The University of Southampton
University of Southampton Institutional Repository

Determinants of quality of corporate voluntary disclosure in emerging countries: a cross national study

Al-Asiry, Majedh (2017) Determinants of quality of corporate voluntary disclosure in emerging countries: a cross national study University of Southampton Doctoral Thesis , 215pp.

Record type: Thesis (Doctoral)

Abstract

The generalisability of much published research on corporate voluntary disclosure is problematic because there are many corporate and country level factors related to corporate voluntary disclosure: these factors have mainly been investigated in developed countries. Corporate voluntary disclosure is the disclosure of more corporate information than is legally required. Much research has focused on determinants of the quantity of corporate disclosure, while few studies have researched determinants of the quality of corporate voluntary disclosure. Quantity of corporate voluntary disclosure is measured by merely disclosing a particular item of information, whereas provision of additional information about a particular item that qualifies the level of the disclosure determines the quality of corporate voluntary disclosure. The limited research to date has not proven whether determinants of the quantity of corporate voluntary disclosure may also explain the variation of quality of corporate voluntary disclosure.
Moreover, many of the existing studies of determinants of corporate voluntary disclosures are from developed countries. However, according to New Institutional Theory and Resource Dependency Theory, these results many not be applicable in developing countries. Finally, there are few cross-countries studies examining the quantity of corporate voluntary disclosure studies, and even fewer prior cross-countries studies on the quality of corporate voluntary disclosure particularly. It is the belief of the current research that the relationships between the quality of corporate voluntary disclosure and national legal systems, the financial expertise of directors, and audit committees have not previously been studied.
Consequently, this thesis sought to examine factors relating mainly to the quality of corporate voluntary disclosure in ten developing countries: Turkey, Singapore, Malaysia, India, Ghana, Nigeria, South Africa, Brazil, Mexico and Chile. Unambiguously, the thesis interest was to examine how firm level factors are related to the quantity and quality of voluntary disclosure, as shown in annual reports. Also, it analyses how country level factors are associated with the quantity and quality of voluntary disclosure. New Institutional Sociology, Resource Dependence, and Agency theories have been used to explain these relationships.
Methodologically, the quality and quantity of corporate voluntary disclosure was extracted from 600 corporate annual reports, taken from 300 randomly selected companies from 10 countries for the years 2011 and 2012. Then, an un-weighted corporate voluntary disclosure index measured both the quality and quantity of corporate voluntary disclosure.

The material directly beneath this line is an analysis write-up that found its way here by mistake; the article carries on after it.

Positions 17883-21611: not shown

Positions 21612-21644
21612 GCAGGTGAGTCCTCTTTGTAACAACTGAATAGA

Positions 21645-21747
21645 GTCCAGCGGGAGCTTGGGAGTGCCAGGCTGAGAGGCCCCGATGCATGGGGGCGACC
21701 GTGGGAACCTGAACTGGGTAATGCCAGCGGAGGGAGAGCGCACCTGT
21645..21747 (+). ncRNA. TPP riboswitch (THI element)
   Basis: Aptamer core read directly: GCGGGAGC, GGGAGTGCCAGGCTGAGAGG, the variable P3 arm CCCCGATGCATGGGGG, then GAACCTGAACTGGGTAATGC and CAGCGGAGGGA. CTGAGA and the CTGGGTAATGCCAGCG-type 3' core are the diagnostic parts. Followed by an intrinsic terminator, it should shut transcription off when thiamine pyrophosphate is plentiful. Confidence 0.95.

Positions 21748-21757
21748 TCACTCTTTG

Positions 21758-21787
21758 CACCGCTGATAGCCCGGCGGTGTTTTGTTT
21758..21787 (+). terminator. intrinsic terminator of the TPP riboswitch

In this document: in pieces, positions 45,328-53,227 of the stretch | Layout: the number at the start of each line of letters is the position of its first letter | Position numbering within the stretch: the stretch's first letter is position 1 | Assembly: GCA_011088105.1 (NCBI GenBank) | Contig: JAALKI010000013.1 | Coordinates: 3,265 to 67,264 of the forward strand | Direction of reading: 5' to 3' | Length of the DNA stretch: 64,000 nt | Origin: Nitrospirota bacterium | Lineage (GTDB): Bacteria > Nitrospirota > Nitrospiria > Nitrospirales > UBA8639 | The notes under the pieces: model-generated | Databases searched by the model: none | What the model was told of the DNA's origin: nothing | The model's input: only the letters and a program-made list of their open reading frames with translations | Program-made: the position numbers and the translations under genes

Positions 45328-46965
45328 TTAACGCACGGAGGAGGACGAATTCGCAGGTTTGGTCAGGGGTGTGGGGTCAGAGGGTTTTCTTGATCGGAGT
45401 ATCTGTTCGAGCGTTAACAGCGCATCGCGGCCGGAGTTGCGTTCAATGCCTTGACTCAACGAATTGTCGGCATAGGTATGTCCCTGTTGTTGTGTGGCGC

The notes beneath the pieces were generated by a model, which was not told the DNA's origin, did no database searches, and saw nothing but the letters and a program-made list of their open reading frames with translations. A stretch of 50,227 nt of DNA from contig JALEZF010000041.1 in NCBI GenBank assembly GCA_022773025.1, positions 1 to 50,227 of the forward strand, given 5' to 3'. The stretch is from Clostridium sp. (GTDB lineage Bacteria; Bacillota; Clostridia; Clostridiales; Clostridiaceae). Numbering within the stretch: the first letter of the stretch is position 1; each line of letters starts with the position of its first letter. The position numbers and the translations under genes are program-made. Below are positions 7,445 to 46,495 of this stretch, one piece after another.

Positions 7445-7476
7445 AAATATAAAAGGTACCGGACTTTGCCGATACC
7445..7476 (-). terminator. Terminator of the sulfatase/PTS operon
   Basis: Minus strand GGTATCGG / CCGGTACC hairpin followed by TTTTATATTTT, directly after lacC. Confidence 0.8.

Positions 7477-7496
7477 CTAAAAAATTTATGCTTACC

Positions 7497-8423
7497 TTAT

Results from multiple linear regression models show that share diffusion ownership was positively related to the quantity of corporate voluntary disclosure, as were the country level of press freedom, accounting professionalism and tertiary education.
Share diffusion ownership, and country level of accounting professionalism, were negatively related to the quality of corporate voluntary disclosure. However, being audited by the big four auditing firms, and country level of tertiary education disclosure, were positively correlated with the quality of corporate voluntary disclosure.
The results of percentage of audit committee on board directors, the percentage of board directors who have financial expertise, and the percentage of independent board directors were not related to either the quality or quantity of corporate voluntary disclosure.
These results imply that regulators should focus their enforcement efforts on corporate bodies who are likely to have limited voluntary disclosure, to reduce enforcement costs. This means that governments, regulatory bodies and industrial associations should ensure that there is press freedom, professionalism, economic development and high educational levels in order to motivate corporations to disclose corporate information voluntarily.
This thesis contributes to the literature in four main ways, through its investigation of the quality of corporate voluntary disclosure, contextually, its reconciliation of contradictory previous results and its offering of policy implications for regulators.

Text Final submission of thesis - Version of Record
Restricted to Repository staff only until 18 October 2018.
Available under License University of Southampton Thesis Licence.
Download (488kB)

More information

Published date: April 2017

Identifiers

Local EPrints ID: 412545
URI: http://eprints.soton.ac.uk/id/eprint/412545
PURE UUID: ce2ac797-631c-4f78-a696-079f6caff58d

Catalogue record

Date deposited: 20 Jul 2017 16:30
Last modified: 12 Oct 2017 16:31

Export record

Contributors

Author: Majedh Al-Asiry
Thesis advisor: Fatimah Zainudin

University divisions

Download statistics

Downloads from ePrints over the past year. Other digital versions may also be available to download e.g. from the publisher's website.

View more statistics

Atom RSS 1.0 RSS 2.0

Contact ePrints Soton: eprints@soton.ac.uk

ePrints Soton supports OAI 2.0 with a base URL of http://eprints.soton.ac.uk/cgi/oai2

This repository has been built using EPrints software, developed at the University of Southampton, but available to everyone to use.

We use cookies to ensure that we give you the best experience on our website. If you continue without changing your settings, we will assume that you are happy to receive cookies on the University of Southampton website.

×